The Different Me

Like many others, my life is divided into before and after cancer. I was diagnosed with non-Hodgkin’s lymphoma in 1993. I had surgery and six rounds of chemotherapy. My mother was my caregiver. While I could have considered it the worst summer of my life, instead, I loved the time we got to spend together. In 2015, my life divided again when my mother was diagnosed with uterine cancer. My mother ran out of time on December 14, 2016. A week before she died, she qualified for a promising clinical trial but was not well enough to participate. I continue to search for ways to make a difference for patients and caregivers.

It’s been almost three years since my mother ran out of time in her battle with cancer. I miss her more than words can say. I think of her every day, several times a day. I am finally at the point that I have more good days than bad, but memories still cause tears. On the bad days, I try to look back and see that I have made progress in this new life with a different version of me. How did I get here? What gets me through the bad days?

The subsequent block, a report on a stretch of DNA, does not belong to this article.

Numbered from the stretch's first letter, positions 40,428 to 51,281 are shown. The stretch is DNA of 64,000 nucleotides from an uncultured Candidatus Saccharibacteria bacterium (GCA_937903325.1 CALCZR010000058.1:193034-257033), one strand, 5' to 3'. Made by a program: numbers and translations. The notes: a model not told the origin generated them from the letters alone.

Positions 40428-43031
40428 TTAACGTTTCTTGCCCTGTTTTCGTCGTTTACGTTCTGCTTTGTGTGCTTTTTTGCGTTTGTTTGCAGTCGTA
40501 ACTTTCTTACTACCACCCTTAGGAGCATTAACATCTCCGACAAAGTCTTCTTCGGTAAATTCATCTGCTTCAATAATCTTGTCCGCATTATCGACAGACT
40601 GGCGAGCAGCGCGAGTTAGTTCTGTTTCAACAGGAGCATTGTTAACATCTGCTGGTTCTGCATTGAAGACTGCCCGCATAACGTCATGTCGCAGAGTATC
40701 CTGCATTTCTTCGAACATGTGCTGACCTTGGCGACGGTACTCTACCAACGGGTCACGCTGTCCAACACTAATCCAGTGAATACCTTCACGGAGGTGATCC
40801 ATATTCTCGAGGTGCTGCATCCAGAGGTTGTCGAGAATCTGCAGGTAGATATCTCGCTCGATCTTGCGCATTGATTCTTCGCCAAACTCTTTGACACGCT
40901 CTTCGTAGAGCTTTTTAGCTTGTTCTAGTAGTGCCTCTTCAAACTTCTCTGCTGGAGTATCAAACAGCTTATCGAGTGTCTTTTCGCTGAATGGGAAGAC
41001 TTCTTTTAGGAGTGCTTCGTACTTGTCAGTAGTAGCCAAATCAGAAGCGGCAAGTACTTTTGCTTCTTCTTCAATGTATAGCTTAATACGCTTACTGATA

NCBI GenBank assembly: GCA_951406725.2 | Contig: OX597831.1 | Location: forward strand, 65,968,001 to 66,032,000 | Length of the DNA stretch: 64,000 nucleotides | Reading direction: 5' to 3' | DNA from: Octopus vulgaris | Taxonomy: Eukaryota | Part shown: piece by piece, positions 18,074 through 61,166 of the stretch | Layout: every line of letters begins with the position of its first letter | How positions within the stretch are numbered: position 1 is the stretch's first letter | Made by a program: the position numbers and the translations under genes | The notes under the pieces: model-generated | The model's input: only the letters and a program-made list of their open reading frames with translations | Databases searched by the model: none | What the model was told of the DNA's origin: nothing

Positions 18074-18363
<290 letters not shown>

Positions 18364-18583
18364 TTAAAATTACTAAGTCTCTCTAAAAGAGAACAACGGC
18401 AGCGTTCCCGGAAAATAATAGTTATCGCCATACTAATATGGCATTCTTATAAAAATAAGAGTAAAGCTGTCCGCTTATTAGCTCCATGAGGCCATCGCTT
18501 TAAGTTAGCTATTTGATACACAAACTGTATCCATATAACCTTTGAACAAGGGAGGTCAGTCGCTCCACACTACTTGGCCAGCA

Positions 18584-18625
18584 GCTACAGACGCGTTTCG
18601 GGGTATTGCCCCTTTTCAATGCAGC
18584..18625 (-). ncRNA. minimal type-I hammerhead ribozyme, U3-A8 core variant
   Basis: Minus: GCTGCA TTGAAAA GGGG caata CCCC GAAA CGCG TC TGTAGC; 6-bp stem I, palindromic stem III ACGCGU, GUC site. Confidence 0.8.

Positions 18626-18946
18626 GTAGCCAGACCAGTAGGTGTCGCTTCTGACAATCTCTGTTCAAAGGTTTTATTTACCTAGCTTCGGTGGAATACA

The author's mother seated wearing a pink sweater and purple scarf

  • A husband who loves me. We lived 2,000 miles apart when my mother died but he did everything he could to ease me in to this new life. From a shoulder to cry on, an ear to listen and lots of flower deliveries, he did it all. Most of all, I truly appreciate that he has never once told me to move on. Even today, he lets me grieve at my own pace. It’s a two steps forward one step back process, and he’s always there for me.
  • Two loving dogs, Ruby and Baby. There were plenty of days that I probably would have stayed in bed, but two dogs make that impossible. They needed me, and I needed them. They got me out of the house for walks but also sat on the couch and snuggled when I needed it most. Somehow, they always knew how to keep me moving forward.

Chris holding her dog Ruby's paw.

  • A love of the outdoors and volunteering. After years of volunteering for cancer-related charities, I needed to step back. I felt like all my work had not produced the one result I wanted most, a cure for my mother. So I volunteered to chaperone a school group to their ski lessons at a local mountain. One thing led to another, and I am now a ski instructor at that mountain. It’s a dream job for me, and I often wonder what my mother would say about it. I know that she would be shocked at how much I enjoy working with kids.

Losing someone close to you changes you. A part of me died that day. I will never be the same, and in many ways, that is okay. I’m learning about the different me with help from my husband, my dogs, my family and my friends.

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